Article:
All additional electrical contacts 11 to 17 are connected to the PHY chip or to an ASIC logic chip associated therewith, as will be explained with reference to FIGS. 3A and 3B. The additional contacts 11 to 17 are thus used for transferring information in the direction of the PHY chip.

The function of the WSD signal has already been explained. By contrast, the internal/external-select signal supplied via contact 12 and the signals provided by contacts 13 to 17 serve to change the data rate of the PHY chip 300 (cf. FIG. 4) to the maximum possible data rate of the plug-in optical transceiver 100. To this end, contacts 12 to 17 are connected to an ASIC logic chip, for example.

When an internal/external-select signal is present, this logic chip set the maximum data transfer rate of the transceiver 100 as the data transfer rate of the PHY chip. By way of example, in the case of the aforementioned TSD41BA3 PHY chip from Texas Instruments, the data transfer rate can be set on pins SO_PC2 to S4_DS1. The outputs of the ASIC logic chip are accordingly connected to the SO_PC2 to S4_DS1 pins of the TSB41BA3 chip. The internal/external-select signal indicates whether the data rate which has been set internally on the PHY chip needs to be changed to the maximum possible data rate of the plug-in optical transceiver 100. Contacts 13 to 17 (also called speed contacts) contain the information about the magnitude of the maximum possible transfer rate of the plug-in transceiver 100.

There are several options for using contacts 13 to 17 to code the maximum data transfer rate of a transceiver 100 which has been plugged in. In one exemplary embodiment, the individual contacts are actively assigned a particular voltage level, the voltage levels being used for the coding. In another refinement, the contacts are of passive design and are in the form of purely mechanical contacts. By way of example, a contact 13 to 17 in the supplementary area 200X of the interface 200 provides a signal only when contact is made with it by a corresponding contact on the associated plug 170 on the transceiver. In this way, the number of contacts in the plug 170 on the transceiver 100 is a simple way of coding the maximum data transfer rate.

Numerous other coding options are also conceivable, however. First, there may be a different number of speed contacts 13 to 17 than is shown in FIG. 1. By way of example, just three speed contacts are sufficient to code data rates of S100, S200, S400, S800, S1600 and S3200. It is also conceivable for just one single contact to be provided for providing the information about the maximum data transfer rate of the transceiver. This contact could be used to provide an electrical signal having a particular frequency, for example using a frequency generator, in which case the frequency codes the maximum data transfer rate of the transceiver. Hence, it is thus merely a question of being able to use the supplementary part 200X of the extended beta plug contact 200 to provide additional information relating to the maximum data transfer rate of the transceiver 100 in some way.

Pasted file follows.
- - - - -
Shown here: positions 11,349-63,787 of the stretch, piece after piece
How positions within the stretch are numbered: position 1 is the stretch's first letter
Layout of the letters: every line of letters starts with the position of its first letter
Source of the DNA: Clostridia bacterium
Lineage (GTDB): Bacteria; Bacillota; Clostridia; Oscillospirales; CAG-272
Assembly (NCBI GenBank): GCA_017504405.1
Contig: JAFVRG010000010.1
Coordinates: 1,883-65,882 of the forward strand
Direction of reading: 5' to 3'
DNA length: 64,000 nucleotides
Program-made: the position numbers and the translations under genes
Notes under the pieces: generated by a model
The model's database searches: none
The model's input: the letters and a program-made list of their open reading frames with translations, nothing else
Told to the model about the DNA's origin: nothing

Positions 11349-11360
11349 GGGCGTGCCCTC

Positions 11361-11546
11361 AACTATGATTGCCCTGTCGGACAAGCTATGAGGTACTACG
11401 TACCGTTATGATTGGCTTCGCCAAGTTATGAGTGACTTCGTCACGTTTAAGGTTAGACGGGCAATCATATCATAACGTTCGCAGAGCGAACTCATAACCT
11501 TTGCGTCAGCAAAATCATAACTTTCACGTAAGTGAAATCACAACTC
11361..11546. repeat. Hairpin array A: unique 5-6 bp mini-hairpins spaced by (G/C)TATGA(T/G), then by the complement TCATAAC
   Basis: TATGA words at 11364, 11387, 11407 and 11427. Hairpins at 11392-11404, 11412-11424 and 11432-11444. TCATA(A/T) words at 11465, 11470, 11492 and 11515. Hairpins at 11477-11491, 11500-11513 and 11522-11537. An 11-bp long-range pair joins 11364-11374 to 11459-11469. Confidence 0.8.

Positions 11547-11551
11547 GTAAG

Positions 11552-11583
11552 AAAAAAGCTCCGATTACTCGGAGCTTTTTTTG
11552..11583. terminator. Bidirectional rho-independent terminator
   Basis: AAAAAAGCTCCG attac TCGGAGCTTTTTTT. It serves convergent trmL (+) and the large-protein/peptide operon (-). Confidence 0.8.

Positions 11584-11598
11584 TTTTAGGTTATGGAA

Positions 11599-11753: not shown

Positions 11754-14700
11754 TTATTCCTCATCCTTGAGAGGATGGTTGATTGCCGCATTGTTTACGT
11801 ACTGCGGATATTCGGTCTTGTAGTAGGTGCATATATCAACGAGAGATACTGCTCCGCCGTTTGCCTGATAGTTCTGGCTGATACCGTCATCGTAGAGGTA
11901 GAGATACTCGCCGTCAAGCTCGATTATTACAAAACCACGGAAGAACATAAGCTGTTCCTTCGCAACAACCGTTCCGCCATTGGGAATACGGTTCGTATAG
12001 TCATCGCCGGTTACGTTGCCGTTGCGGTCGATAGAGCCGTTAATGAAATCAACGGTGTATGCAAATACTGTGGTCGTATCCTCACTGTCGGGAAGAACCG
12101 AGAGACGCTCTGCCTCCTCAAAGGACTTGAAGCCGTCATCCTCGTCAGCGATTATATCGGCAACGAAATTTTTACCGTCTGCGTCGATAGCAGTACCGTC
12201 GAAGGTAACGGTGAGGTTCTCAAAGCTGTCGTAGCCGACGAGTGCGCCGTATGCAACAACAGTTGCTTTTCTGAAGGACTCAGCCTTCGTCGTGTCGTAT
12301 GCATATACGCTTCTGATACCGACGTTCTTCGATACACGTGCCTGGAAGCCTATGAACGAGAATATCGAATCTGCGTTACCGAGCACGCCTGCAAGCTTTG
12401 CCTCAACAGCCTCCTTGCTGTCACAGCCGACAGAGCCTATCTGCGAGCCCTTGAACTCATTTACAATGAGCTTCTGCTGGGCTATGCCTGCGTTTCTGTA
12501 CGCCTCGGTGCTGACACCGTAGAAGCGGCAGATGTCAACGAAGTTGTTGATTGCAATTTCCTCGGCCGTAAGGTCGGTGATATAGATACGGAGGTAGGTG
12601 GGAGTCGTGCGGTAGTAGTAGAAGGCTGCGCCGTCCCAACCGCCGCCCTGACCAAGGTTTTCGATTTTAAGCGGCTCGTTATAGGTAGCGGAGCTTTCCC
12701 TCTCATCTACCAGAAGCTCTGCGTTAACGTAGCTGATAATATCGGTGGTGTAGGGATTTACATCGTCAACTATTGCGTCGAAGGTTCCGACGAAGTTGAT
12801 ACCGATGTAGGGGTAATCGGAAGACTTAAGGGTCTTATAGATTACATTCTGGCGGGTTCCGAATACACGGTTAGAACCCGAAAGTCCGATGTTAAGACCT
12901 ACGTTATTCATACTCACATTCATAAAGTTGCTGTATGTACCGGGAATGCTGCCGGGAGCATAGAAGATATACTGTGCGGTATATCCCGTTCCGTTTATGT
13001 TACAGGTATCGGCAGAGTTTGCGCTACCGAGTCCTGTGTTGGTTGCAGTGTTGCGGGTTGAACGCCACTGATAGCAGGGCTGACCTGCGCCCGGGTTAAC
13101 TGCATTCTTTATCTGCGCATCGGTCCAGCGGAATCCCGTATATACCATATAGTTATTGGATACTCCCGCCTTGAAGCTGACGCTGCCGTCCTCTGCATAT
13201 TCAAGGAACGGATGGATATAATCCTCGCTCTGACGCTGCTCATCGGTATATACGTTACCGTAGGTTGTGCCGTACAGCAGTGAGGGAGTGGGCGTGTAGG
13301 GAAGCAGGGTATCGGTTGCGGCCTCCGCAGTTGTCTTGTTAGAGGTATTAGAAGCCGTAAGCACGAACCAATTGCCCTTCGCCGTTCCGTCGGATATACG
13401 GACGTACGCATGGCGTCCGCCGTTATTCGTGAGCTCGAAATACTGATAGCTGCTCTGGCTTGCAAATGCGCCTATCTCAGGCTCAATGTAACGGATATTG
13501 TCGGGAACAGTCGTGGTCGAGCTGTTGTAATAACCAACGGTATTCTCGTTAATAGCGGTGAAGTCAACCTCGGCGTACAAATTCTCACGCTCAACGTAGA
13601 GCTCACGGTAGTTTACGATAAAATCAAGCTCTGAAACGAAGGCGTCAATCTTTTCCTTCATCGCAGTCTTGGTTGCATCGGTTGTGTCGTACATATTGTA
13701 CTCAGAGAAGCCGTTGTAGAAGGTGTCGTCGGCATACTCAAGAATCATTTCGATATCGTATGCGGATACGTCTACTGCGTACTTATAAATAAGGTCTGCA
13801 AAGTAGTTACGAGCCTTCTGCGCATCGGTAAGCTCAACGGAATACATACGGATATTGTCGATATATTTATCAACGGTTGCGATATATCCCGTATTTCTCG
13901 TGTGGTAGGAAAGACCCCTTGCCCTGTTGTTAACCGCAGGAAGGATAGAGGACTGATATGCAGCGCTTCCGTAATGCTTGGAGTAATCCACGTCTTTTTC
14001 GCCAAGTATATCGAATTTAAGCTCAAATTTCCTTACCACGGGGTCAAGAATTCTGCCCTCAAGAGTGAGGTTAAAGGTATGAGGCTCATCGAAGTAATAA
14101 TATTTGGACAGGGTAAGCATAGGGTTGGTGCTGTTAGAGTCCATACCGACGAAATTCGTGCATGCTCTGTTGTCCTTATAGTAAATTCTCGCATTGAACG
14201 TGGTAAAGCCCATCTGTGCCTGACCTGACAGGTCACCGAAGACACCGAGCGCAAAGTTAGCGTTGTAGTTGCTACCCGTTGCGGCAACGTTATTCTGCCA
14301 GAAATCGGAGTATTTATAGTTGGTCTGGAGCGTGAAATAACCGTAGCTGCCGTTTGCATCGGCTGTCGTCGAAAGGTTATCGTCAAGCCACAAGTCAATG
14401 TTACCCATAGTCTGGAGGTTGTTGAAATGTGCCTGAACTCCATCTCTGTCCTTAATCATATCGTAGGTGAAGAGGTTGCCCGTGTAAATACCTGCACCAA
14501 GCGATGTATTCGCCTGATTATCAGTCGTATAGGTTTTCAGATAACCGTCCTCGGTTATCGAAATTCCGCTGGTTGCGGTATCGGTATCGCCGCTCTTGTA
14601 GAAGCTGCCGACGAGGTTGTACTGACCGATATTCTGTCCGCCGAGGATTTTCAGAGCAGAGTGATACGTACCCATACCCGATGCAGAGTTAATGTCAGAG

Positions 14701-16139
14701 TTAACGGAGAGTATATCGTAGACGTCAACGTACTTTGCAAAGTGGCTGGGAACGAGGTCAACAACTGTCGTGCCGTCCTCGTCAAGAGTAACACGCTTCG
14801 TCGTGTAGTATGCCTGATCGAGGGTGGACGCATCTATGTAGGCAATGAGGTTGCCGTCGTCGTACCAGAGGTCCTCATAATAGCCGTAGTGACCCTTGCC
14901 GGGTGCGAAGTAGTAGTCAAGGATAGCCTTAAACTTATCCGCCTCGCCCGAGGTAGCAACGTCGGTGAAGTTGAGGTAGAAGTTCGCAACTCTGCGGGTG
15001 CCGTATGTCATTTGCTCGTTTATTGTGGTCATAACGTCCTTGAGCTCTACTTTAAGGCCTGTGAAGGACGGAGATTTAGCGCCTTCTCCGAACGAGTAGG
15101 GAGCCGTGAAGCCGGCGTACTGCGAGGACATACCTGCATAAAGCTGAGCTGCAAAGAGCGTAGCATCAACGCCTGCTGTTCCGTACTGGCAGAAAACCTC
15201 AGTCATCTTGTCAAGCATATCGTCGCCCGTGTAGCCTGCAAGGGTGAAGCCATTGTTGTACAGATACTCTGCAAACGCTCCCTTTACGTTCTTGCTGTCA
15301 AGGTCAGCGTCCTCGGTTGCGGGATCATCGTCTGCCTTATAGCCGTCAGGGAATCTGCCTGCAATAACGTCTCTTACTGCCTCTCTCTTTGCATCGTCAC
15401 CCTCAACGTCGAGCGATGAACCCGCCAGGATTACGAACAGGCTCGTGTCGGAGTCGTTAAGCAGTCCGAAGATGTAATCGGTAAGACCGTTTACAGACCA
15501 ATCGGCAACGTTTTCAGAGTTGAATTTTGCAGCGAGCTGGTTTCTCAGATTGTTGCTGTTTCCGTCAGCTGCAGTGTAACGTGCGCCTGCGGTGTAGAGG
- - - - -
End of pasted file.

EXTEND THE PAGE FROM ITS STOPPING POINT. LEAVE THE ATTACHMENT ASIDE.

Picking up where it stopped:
It will be pointed out that the arrangement of the electrical additional contacts 11 to 17 in FIG. 1 is to be understood merely as being schematic. There are numerous options for arranging the additional contacts 11 to 17. By way of example, they are produced next to the already standardized 1394b beta plug contact in a separate plug-in area 200X.

It will also be pointed out that the plug 170 on the transceiver 100 also has additional contacts 11′ to 17′ corresponding to contacts 11 to 17 in the supplementary area 200X. This is shown schematically in FIG. 2. The electrical port 170 on the transceiver 100 is provided by two plug-in areas 171, 172 arranged next to one another. Plug-in area 172 contains contacts 1′ to 9′ corresponding to contacts 1 to 9 on the 1394b beta plug contact 200′. This is a standardized 1394b beta plug. The additional contacts 11′ to 17′ relating to the signaling of the data transfer rate and to the WSD signal and possibly to further contacts are provided by plug area 171. The arrangement of the two plug areas 171, 172 next to one another is again to be understood merely by way of example. The actual physical arrangement of the additional contacts 11′ to 17′ may also be different.

FIG. 3A schematically shows possible connection variants for IEEE 1394b beta mode data transfer between a PHY chip 300 and a data transfer medium 510, 520, 550. The PHY chip has three ports for data transfer.